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Ever Wondered Why Alzheimer’s Risks Spike After Age 65? Science Might Have an Answer…

Research published in 2015 provides crucial information about why the risk of developing Alzheimer’s increases so dramatically as people get older. Beginning at age 65, the risk of developing Alzheimer’s doubles every five years. By age 85, Alzheimer’s risk rises to 50 percent. This recent research focuses on amyloid beta, a substance that is naturally present in our brains and that is a major contributor to the plaque formations that are a key feature of Alzheimer’s.

What Is Amyloid Beta?

Amyloid beta is a naturally-occurring protein in the human brain that contains amino acids, according to Health. Neurons in the brain produce amyloid beta while they transmit messages within the brain. The amount of amyloid beta the brain produces increases along with the number of messages transmitted between neurons. In other words, the more you think, the more amyloid beta you produce.

In people with Alzheimer’s, amyloid beta sticks together to form plaques and tangles. Scientists suspect that these clusters may interfere with communication between brain cells and lead to the cognitive decline that occurs in people with Alzheimer’s.

How Does Amyloid Beta Relate to Alzheimer’s?

The 2015 study by scientists at the Washington University School of Medicine took advantage of new technology that allowed researchers to tag amino acids in the blood of 100 volunteers and then follow the movement of the amino acids within their bodies. The research showed that it took much longer for the amyloid beta to leave the brains of older people. In 80-year-olds, for example, it took more than 10 hours for the brain to clear out the amyloid beta, while previous research demonstrates that this takes only 4.5 hours for people in their 30s. Study participants ranged in age from 60 to 87.

The research also showed that in people who had previous evidence of plaques in their brains, the amyloid beta was more likely to create plaques. In addition, study participants whose brains flushed the amyloid beta more slowly showed an increased incidence of memory problems and other signs of Alzheimer’s.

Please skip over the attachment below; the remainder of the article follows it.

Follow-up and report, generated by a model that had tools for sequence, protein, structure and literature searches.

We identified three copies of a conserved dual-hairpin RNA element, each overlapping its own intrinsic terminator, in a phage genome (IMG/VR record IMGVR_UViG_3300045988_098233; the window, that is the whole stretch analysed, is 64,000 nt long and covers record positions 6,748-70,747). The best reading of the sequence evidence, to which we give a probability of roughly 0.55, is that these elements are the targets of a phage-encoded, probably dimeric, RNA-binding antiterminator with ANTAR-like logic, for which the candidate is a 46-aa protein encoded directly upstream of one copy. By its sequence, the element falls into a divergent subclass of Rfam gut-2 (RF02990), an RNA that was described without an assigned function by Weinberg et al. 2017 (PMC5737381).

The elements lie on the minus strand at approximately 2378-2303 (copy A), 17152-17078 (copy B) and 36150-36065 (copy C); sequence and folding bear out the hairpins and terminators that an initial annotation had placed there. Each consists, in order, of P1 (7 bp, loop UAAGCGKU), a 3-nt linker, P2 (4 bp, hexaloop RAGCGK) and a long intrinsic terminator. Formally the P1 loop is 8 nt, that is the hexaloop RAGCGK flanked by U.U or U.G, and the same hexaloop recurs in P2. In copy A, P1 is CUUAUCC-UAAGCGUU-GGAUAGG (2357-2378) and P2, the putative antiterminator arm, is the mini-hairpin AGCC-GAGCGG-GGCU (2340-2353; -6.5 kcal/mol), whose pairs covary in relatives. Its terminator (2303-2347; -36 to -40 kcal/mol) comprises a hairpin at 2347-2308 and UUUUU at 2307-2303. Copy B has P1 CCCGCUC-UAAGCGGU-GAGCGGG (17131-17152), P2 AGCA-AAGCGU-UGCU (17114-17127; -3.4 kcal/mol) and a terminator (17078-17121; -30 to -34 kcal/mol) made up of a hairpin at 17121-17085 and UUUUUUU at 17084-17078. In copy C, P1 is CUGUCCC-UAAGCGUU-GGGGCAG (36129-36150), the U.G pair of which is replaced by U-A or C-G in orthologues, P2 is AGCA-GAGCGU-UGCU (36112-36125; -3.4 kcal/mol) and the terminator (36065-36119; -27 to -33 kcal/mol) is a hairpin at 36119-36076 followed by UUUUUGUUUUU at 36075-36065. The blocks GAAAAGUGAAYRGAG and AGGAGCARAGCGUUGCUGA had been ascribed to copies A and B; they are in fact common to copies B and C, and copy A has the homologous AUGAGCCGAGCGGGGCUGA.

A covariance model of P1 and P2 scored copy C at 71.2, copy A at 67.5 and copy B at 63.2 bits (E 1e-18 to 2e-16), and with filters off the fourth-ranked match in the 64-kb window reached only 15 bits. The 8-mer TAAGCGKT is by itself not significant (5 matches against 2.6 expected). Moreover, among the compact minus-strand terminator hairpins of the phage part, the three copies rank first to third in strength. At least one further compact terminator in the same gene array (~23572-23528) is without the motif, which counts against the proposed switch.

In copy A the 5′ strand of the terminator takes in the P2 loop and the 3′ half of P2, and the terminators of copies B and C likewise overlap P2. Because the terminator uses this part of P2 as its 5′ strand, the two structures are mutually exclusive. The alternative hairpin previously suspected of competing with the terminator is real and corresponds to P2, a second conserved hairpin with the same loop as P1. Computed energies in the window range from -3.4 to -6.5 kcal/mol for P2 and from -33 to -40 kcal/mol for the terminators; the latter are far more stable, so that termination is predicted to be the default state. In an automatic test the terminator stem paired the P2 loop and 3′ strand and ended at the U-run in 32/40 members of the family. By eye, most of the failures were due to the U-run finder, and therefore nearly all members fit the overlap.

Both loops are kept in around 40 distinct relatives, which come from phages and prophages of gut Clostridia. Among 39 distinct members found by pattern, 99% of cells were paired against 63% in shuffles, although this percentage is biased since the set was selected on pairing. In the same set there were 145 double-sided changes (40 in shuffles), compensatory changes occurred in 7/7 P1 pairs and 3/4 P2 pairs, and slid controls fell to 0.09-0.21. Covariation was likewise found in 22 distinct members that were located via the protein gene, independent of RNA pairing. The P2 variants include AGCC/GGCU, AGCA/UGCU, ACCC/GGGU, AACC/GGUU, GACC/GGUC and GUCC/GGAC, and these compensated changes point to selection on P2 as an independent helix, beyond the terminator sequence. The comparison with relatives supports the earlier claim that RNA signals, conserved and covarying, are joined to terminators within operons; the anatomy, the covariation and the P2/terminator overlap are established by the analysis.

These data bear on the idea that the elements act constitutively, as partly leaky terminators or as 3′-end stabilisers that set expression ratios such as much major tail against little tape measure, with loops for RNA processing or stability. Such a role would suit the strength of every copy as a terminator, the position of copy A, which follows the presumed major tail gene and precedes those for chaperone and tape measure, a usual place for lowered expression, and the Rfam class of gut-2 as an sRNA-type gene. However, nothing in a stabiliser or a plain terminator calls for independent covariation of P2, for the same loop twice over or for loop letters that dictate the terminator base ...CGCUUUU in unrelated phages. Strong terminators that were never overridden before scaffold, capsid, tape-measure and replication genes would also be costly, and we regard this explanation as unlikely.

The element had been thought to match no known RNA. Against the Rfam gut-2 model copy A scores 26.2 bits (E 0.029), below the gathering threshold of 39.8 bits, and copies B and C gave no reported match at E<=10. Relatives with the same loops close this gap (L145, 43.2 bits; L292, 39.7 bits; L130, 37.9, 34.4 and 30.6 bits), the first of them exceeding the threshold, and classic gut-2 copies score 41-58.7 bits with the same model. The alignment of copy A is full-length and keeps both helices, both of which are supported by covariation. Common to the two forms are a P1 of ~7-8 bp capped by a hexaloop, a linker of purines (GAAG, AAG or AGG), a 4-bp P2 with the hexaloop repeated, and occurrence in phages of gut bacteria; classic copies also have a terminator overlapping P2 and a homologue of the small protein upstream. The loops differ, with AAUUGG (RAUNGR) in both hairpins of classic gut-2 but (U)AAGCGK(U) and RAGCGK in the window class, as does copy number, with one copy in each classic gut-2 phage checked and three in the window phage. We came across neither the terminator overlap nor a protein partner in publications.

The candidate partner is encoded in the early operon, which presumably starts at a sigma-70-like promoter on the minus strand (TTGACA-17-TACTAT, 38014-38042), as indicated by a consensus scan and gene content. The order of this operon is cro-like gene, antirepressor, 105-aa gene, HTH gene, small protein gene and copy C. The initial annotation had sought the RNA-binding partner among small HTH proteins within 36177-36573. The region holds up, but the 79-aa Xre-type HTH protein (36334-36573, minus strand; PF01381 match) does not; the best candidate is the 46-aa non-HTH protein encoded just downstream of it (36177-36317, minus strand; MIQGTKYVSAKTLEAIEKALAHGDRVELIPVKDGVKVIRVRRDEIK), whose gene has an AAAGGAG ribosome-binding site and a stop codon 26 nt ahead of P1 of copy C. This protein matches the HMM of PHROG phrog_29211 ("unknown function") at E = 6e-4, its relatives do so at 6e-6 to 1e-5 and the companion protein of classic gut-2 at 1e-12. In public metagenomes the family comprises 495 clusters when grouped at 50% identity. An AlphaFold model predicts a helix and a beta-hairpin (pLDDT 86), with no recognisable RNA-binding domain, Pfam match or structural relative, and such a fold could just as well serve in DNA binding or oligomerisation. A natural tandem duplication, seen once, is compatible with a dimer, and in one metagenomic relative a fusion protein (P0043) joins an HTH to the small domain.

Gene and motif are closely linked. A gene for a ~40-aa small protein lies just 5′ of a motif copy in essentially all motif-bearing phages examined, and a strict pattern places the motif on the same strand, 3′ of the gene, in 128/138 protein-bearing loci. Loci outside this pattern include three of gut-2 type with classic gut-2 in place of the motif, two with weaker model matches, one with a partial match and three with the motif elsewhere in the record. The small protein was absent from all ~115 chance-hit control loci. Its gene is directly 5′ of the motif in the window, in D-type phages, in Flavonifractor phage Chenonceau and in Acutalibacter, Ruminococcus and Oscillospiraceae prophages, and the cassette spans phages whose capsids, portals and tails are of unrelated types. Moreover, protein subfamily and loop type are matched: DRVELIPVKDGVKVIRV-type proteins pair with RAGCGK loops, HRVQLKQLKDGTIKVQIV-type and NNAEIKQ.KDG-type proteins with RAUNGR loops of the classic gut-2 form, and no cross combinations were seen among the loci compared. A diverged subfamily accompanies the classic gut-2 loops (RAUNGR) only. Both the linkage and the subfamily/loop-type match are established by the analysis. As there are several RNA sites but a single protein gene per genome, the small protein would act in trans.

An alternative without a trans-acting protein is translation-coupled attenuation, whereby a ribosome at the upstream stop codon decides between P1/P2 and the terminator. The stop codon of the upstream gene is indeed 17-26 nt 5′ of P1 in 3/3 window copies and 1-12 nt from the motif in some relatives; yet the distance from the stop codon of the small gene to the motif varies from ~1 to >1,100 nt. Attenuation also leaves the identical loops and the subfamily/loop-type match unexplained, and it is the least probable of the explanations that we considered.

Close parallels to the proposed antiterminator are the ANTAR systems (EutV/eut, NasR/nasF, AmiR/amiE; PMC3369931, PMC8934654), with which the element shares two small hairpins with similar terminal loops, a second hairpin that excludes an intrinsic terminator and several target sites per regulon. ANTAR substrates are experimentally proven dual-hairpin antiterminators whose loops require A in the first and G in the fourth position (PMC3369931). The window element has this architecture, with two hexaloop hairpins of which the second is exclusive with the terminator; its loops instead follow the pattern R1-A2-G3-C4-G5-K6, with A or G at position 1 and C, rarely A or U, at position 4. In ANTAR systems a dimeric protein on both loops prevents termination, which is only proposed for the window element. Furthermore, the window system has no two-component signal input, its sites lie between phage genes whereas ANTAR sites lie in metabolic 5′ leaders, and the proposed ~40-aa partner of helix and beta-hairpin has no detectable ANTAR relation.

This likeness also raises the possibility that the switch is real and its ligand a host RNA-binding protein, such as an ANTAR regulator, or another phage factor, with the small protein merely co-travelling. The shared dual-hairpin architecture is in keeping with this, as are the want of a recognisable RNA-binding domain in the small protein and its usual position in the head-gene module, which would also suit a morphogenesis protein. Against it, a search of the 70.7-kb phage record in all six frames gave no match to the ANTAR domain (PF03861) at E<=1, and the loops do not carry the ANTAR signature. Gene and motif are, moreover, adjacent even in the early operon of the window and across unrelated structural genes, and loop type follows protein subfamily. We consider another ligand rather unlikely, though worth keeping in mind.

The research revealed that the decreased speed of clearing amyloid beta from the brain very consistently corresponded with each participant’s age, but did not show any correlation with the presence or absence of plaques in each participant’s brain.

How Does This Research Help Fight Alzheimer’s?

One variable that still awaits discovery is the exact method by which the brain rids itself of amyloid beta. Scientists suspect that another substance within the brain may be able to break down the amyloid beta or that it flows from the brain into the blood or cerebral-spinal fluid. If further research can determine precisely how the brain removes amyloid beta, then it may be possible to develop treatments that accelerate this process and prevent or slow the progression of Alzheimer’s.

What Are Other Risk Factors for Alzheimer’s?

The most significant factor for developing Alzheimer’s is age, with the risk rising steeply after age 65. People who have a close relative with Alzheimer’s are also at increased risk, and there are several genes associated with a higher risk.

Although it’s not possible to control your age and genetic makeup, there are some lifestyle choices that may help lower the risk of Alzheimer’s. Head injuries may make people more prone to developing Alzheimer’s, so placing an extra emphasis on safety can mitigate this potential risk. The Alzheimer’s Association recommends setting up your home to prevent falls and wearing a helmet while biking or participating in other sports. Consult with your doctor to optimize your cardiovascular health and help ensure that your brain gets adequate blood and oxygen.

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